‘You are to me,’ seemed like one of those statements that crossed the imaginary boundary that you just don’t say to other people, so she didn’t say it aloud, but it was true. She wasn’t sure how much of that was Cora’s training, but Regina’s grace and poise seemed natural to Swan.
“Thank you,” the brunette said sincerely, her voice filled with laughter.
“Oh, shit,” she muttered, her eyes suddenly wide, her cheeks pink. “I said that out loud, didn’t I?”
“It was sweet,” she shrugged, her fingers expertly sliding through the blond strands. “Though I could do without the swearing.”
Emma rolled her eyes, but held her tongue. Witch or not, it was never wise to anger someone with a fistful of your hair.
“Your magic is supposed to be a secret, isn’t it?” Emma gave a lazy hum of affirmation. “Then how do you expect to become a knight and not use it?”
“I rarely use my magic, you know.”
Regina’s eyes wandered around the extravagant – by comparison to the other guest chambers – room, or rather, suite. “I can see that.”
Emma could practically hear Regina’s yes roaming about in her head. “Hey! It’s my room, for the time being. Might as well get comfortable.” Until she could build herself a nice private cabin, at least.
“And how will you try to explain this room to the servants and maids?”
“With a ‘do not disturb’ sign on the door.”
Regina snorted demurely, but otherwise didn’t comment. “And who do you plan to fight for Mother’s undivided attention?”
“Yesterday, I requested an audience with her knight. So my best bet is a test of some kind. And magic doesn’t require spells, or wands, or silly hand motions. If you’re good at it, it flows through you. I’ve been told I’m pretty good.”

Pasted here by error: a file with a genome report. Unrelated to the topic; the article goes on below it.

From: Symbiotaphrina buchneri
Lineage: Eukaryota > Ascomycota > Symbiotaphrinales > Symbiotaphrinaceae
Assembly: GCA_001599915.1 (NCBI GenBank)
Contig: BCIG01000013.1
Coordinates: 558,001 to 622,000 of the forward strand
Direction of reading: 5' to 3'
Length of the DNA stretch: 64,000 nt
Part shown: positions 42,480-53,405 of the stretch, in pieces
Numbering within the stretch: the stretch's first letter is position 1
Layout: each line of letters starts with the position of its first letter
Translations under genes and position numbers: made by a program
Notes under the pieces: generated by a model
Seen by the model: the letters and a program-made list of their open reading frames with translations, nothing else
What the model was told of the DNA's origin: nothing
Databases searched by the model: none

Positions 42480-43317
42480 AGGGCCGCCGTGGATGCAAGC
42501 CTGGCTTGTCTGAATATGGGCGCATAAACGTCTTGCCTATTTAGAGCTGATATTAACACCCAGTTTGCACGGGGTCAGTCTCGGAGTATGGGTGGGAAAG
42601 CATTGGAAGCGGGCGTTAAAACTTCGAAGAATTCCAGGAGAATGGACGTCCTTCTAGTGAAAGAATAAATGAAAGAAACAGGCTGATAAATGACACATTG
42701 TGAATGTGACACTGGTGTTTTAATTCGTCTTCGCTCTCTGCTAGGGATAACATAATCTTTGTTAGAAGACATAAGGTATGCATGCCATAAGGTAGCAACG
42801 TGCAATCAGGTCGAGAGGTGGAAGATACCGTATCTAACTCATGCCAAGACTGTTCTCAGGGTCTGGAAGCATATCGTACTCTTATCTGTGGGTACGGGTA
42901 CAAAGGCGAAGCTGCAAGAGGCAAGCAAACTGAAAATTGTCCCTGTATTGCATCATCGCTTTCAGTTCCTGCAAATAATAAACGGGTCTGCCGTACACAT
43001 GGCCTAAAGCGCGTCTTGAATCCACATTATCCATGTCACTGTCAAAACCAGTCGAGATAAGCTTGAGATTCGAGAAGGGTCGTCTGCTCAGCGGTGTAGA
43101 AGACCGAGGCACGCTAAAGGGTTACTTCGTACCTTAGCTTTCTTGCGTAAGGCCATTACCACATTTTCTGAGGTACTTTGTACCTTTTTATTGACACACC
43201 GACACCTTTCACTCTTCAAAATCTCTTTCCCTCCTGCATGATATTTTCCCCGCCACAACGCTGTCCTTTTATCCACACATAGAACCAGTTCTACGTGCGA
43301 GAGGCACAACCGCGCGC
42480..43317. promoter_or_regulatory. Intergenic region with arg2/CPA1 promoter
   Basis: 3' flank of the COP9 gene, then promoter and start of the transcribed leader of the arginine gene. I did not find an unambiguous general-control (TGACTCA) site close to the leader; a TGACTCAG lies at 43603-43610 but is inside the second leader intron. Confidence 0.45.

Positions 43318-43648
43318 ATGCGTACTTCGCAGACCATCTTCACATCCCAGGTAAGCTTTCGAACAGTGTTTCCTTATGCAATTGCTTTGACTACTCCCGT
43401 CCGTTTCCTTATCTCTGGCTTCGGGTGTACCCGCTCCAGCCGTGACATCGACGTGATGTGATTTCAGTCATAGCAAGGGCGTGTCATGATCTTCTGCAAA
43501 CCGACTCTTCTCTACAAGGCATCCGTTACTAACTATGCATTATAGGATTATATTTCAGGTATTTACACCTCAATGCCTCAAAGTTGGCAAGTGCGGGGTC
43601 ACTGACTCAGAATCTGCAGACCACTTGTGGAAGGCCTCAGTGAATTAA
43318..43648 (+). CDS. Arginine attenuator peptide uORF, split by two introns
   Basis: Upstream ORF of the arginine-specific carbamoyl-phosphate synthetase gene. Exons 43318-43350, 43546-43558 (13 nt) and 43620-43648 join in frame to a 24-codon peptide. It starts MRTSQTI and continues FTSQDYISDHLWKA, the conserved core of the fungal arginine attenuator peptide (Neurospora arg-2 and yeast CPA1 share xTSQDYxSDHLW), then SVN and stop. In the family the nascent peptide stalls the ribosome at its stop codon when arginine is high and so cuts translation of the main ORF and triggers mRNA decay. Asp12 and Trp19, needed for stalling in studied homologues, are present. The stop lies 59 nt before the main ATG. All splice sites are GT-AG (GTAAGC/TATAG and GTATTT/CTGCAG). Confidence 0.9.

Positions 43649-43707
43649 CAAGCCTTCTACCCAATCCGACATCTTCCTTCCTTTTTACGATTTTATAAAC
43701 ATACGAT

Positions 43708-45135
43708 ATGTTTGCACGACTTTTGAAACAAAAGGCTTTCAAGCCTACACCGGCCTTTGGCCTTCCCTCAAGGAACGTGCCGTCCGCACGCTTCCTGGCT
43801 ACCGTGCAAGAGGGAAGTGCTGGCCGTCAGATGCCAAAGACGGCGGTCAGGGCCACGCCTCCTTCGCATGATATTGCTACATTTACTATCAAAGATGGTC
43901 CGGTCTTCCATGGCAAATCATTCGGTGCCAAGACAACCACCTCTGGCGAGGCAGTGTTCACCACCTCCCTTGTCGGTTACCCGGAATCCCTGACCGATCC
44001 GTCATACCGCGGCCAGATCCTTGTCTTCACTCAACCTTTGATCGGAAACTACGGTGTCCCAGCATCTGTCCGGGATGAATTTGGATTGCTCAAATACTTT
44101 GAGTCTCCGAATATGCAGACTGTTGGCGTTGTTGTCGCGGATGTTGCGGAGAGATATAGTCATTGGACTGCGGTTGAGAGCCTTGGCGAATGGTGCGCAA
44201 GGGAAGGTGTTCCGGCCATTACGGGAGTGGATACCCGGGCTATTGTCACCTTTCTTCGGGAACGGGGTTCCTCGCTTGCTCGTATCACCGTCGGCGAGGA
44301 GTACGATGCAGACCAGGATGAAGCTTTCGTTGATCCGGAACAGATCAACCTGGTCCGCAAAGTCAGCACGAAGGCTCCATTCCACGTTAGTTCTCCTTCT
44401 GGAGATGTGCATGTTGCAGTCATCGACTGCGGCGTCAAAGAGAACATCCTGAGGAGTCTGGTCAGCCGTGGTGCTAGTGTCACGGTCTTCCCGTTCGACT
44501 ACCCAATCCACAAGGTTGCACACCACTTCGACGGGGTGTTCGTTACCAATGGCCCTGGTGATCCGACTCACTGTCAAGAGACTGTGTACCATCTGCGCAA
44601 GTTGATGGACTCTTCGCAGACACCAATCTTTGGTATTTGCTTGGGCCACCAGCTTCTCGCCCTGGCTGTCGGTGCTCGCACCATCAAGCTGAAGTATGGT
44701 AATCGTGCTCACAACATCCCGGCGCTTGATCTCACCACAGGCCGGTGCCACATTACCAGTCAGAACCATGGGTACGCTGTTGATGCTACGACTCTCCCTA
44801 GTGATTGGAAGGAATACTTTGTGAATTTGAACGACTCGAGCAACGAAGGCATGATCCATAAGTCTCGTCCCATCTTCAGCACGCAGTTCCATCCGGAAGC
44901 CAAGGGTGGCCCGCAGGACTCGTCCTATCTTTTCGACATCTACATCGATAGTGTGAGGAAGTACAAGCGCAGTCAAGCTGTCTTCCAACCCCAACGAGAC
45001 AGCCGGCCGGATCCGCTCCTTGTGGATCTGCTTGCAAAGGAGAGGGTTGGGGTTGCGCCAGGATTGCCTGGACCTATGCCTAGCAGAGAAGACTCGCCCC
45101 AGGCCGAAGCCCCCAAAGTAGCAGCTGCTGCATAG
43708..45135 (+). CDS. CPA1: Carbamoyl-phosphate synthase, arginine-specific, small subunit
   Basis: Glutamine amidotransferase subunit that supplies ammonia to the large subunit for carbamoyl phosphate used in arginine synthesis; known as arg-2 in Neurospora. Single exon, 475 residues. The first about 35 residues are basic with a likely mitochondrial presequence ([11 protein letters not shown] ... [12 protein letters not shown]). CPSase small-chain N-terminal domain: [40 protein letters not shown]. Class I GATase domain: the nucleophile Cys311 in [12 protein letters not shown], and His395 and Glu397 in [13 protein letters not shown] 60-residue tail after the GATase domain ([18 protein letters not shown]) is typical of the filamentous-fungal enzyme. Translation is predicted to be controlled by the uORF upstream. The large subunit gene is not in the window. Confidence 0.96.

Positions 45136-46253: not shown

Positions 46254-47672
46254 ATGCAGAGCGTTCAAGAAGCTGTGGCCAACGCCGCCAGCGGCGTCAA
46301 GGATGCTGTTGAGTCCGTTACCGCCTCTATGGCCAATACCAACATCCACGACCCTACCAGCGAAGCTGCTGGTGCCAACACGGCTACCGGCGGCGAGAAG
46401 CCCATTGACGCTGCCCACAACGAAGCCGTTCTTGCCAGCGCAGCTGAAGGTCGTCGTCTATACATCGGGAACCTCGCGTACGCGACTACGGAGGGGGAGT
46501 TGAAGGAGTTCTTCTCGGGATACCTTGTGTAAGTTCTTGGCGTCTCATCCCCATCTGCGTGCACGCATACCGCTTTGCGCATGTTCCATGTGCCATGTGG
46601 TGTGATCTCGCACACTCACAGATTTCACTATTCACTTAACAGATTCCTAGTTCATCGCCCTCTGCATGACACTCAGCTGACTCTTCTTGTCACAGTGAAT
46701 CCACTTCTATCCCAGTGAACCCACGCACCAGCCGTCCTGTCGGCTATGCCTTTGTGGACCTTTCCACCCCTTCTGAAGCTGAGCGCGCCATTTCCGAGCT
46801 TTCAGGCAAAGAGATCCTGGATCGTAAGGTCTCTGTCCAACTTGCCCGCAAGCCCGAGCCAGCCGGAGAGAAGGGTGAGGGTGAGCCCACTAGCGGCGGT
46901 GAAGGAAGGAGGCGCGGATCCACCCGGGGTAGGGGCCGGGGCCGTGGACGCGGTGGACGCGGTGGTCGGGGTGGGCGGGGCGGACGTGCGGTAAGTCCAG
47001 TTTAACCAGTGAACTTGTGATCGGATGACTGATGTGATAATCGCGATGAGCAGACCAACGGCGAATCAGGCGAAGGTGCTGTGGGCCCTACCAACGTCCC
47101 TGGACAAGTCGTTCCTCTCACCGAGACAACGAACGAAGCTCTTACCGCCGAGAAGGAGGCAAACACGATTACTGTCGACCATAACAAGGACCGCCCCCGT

She hummed. “So why does fighting excite you so much? Are you really this thirsty for adrenaline?”
“I want to explore. Cora may find usefulness in my quickness and resourcefulness. The Enchanted Forest is a very large place, and I plan on seeing it with insurance, and preferably on a payroll.”
She hummed again. “I suppose that makes sense. But if you ever want to tell me the real reason, I’m sure it’ll make even more sense.”
Emma chuckled. “Yeah, I guess it would. But it’s not a lie. It’s just not the whole truth.”
“If I could speculate, the truth has something to do with your father’s identity.”
“Not my father,” she muttered absently, an instinctive reaction, “but yes. Is that okay?” She opened her eyes and peered at the girl in the mirror’s reflection.
The girl could only nod. “I can commiserate with secrets. My mother has some of her own.”
“That’s not the same,” Emma frowned. “Don’t make it sound like it’s the same thing.” She did not like being compared to the other witch.
She gave a disinterested hum. “You could have fooled me.”
“She’s keeping secrets from you for some unnecessary crusade to protect you. I’m keeping secrets to protect myself.”
“Protect yourself?” She furrowed her eyebrows. “From whom? Mother? Your guardian? The public?”
Swan quieted for a moment. “You told me that if I had never sought an audience with your mother, I would have never met her if you had the choice. One day, I’ll tell you who my Caretaker is. I just hope that you never meet him.”
I’m protecting myself from you, and your friendship. When I tell you, this is all over. That’s what it sounded like, and she knew it. Because it was true.